• Store food in sealed containers to prevent contamination.
  • Clean surfaces, utensils, and counters often.
  • Fix plumbing leaks and don’t let dishes sit in the sink to deter roaches.
  • Inspect packages brought inside for roaches.
  • Vacuum and mop floors regularly.
  • Take out garbage frequently.
  • Use cockroach baits and traps to control populations.
  • Contact a pest control professional for severe infestations.
  • Clean up any dead roaches since their remains can still trigger allergies.

Frequently Asked Questions

1. What diseases can cockroaches spread?

Cockroaches can potentially transmit bacteria that cause food poisoning, diarrhea, and gastroenteritis, such as Salmonella, Campylobacter, and E. coli. They can also pick up viruses and parasites from contaminated surfaces and food that cause illnesses.

2. How do cockroaches contaminate food?

Cockroaches will feed on and walk over unsanitary surfaces. When they come into contact with food, they can leave traces of bacteria, viruses, feces, saliva, and allergens behind. Cockroach body parts and droppings can also physically contaminate food and drinks.

3. Do cockroaches bite?

Cockroaches can bite humans in rare circumstances, although their bites are not venomous or medically dangerous. Bites usually occur if cockroaches get trapped against bare skin. The bite mainly causes temporary pain, redness, and itching.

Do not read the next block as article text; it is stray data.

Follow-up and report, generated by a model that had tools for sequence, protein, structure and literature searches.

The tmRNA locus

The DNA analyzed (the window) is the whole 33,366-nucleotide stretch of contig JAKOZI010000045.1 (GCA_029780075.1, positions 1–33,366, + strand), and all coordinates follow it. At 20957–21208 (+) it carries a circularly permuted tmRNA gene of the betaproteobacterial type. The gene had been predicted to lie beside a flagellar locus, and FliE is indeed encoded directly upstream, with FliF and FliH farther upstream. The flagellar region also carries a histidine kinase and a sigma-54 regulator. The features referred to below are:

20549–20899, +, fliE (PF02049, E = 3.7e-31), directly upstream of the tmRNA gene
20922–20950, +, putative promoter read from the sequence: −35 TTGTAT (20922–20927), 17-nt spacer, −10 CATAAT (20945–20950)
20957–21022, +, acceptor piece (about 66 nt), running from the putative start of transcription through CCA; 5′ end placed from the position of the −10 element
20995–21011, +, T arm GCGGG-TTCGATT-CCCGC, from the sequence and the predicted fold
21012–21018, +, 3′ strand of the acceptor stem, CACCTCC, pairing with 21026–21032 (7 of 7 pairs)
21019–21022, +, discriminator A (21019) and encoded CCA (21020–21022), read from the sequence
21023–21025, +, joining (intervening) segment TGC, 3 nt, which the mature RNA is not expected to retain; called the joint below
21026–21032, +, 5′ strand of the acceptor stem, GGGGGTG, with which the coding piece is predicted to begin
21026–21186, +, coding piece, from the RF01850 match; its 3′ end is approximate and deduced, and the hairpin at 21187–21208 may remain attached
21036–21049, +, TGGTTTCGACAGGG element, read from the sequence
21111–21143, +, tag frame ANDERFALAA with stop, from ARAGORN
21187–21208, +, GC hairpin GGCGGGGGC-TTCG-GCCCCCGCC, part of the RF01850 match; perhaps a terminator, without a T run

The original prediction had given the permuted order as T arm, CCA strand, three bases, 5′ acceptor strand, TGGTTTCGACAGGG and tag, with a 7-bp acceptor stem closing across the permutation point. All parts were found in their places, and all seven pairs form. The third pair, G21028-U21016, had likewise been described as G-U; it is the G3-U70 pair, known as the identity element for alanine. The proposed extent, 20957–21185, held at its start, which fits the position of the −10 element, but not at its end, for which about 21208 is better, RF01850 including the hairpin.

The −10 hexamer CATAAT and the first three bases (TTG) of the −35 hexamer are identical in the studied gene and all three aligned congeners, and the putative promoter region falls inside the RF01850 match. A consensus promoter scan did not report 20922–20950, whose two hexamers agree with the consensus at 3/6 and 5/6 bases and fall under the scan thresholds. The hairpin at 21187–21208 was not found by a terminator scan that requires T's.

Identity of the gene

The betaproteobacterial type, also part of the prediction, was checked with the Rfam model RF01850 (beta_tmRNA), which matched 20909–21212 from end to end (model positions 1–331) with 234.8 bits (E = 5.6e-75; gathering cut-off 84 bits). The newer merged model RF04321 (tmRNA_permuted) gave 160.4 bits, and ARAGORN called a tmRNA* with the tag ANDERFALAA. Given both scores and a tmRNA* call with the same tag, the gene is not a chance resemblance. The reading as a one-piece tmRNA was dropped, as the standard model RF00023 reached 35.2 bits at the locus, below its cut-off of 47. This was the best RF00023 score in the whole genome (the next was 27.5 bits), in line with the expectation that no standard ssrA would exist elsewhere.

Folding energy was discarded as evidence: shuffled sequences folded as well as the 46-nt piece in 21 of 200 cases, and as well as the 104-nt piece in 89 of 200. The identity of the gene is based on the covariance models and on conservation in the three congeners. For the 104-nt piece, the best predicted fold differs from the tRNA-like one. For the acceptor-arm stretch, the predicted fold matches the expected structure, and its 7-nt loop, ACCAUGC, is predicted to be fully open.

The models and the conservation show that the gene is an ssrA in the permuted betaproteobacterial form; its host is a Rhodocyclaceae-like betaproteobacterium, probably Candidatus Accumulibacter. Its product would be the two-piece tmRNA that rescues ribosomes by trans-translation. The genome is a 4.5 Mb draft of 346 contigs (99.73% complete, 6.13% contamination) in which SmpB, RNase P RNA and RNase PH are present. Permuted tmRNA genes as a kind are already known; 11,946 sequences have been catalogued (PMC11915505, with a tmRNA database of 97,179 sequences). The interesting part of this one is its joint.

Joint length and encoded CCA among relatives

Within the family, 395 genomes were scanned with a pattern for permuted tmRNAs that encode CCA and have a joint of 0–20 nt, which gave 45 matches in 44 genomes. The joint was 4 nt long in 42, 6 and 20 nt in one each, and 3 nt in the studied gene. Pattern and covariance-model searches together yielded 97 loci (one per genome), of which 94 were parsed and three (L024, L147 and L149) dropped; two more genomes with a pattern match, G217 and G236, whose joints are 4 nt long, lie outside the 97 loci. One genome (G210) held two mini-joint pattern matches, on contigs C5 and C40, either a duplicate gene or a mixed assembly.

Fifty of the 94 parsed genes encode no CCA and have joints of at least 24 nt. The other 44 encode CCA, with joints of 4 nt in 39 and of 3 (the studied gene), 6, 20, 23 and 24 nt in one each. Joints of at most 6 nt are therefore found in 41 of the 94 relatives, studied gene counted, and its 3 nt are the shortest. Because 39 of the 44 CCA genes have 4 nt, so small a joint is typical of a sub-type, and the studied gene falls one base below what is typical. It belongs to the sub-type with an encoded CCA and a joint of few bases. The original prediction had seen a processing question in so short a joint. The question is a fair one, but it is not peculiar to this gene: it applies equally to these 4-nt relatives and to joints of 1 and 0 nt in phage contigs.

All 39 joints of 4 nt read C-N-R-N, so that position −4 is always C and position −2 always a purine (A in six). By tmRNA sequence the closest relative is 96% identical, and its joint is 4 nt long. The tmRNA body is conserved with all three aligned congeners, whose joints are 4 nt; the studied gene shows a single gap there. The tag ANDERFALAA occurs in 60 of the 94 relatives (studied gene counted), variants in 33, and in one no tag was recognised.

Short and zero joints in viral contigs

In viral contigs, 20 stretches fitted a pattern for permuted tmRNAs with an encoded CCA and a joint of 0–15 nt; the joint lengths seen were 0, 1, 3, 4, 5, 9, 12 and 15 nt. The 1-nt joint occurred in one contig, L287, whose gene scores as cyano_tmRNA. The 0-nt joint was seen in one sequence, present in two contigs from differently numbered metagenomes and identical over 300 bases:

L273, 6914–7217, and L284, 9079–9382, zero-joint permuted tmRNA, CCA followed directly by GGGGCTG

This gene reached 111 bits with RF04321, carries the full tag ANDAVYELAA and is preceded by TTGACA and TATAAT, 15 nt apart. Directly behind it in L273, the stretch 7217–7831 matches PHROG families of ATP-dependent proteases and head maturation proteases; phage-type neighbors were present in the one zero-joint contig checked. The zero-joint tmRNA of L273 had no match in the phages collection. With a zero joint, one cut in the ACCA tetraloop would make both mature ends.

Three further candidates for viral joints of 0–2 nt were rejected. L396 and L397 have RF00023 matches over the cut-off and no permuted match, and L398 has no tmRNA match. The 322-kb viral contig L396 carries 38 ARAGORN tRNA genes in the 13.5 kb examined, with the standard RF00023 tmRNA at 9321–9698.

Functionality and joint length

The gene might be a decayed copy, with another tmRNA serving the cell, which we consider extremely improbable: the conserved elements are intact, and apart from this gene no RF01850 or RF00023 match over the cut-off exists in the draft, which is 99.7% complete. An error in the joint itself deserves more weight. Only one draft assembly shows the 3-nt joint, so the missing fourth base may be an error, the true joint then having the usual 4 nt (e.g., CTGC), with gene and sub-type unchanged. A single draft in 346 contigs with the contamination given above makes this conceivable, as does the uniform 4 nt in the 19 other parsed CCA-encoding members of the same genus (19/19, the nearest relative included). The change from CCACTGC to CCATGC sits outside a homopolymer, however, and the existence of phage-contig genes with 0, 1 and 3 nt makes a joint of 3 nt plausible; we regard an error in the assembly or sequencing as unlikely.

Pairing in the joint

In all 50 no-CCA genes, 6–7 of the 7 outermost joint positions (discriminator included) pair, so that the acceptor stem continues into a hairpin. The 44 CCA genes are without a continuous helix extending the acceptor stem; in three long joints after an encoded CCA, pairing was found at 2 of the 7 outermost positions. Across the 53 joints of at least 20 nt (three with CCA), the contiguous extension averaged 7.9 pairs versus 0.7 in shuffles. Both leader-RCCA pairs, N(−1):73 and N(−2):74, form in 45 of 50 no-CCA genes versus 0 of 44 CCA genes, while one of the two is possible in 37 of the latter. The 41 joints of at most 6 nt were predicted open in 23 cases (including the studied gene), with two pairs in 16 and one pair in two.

4. How can you tell if you have cockroaches?

Signs of cockroaches include spotting live or dead roaches, shed skins, ootheca egg cases, droppings, and a musty odor. You may hear them scurrying at night. Look for them in kitchens, bathrooms, cracks and crevices, warm spots, and near food and water.

5. Do cockroaches spread the plague?

There is no evidence that cockroaches directly transmit plague. Fleas are the main vector of plague between rodents and humans. Cockroaches could potentially pick up plague bacteria by walking over contaminated surfaces, but are not hosts.

6. Can cockroaches live in your body?

No, there are no known cases of cockroaches living inside a person’s body. They do not typically infest humans. Occasionally, they may be found in ears, noses, or other openings if someone is sleeping on the ground in extremely unsanitary conditions.

7. How do you get rid of cockroaches?

Methods to control cockroaches include sanitation, traps, gels and baits, insect growth regulators, essential oils, powder insecticides, and releasing natural predators. For severe infestations, fumigation or professional pest control may be necessary.

The Bottom Line

Cockroaches have developed an exaggerated reputation as filthy, disease-carrying pests. In reality, while they can potentially transmit some bacteria and viruses by contaminating food and surfaces, they do not typically spread serious infectious diseases under normal household conditions. However, exposure to cockroaches can worsen asthma and allergies. The key is to practice good sanitation and use integrated pest management techniques to control roach populations.

For more information, see the CDC’s guidelines on cockroaches.

Here are some products that can help keep cockroaches out of your home:

Cockroach Traps and Baits

Insect Growth Regulators

Cockroach Sprays

With vigilance and integrated pest control methods, you can minimize health risks and keep cockroaches out of sight and out of mind.

Published by

Dennis Reed

Dennis Reed Owner and Author @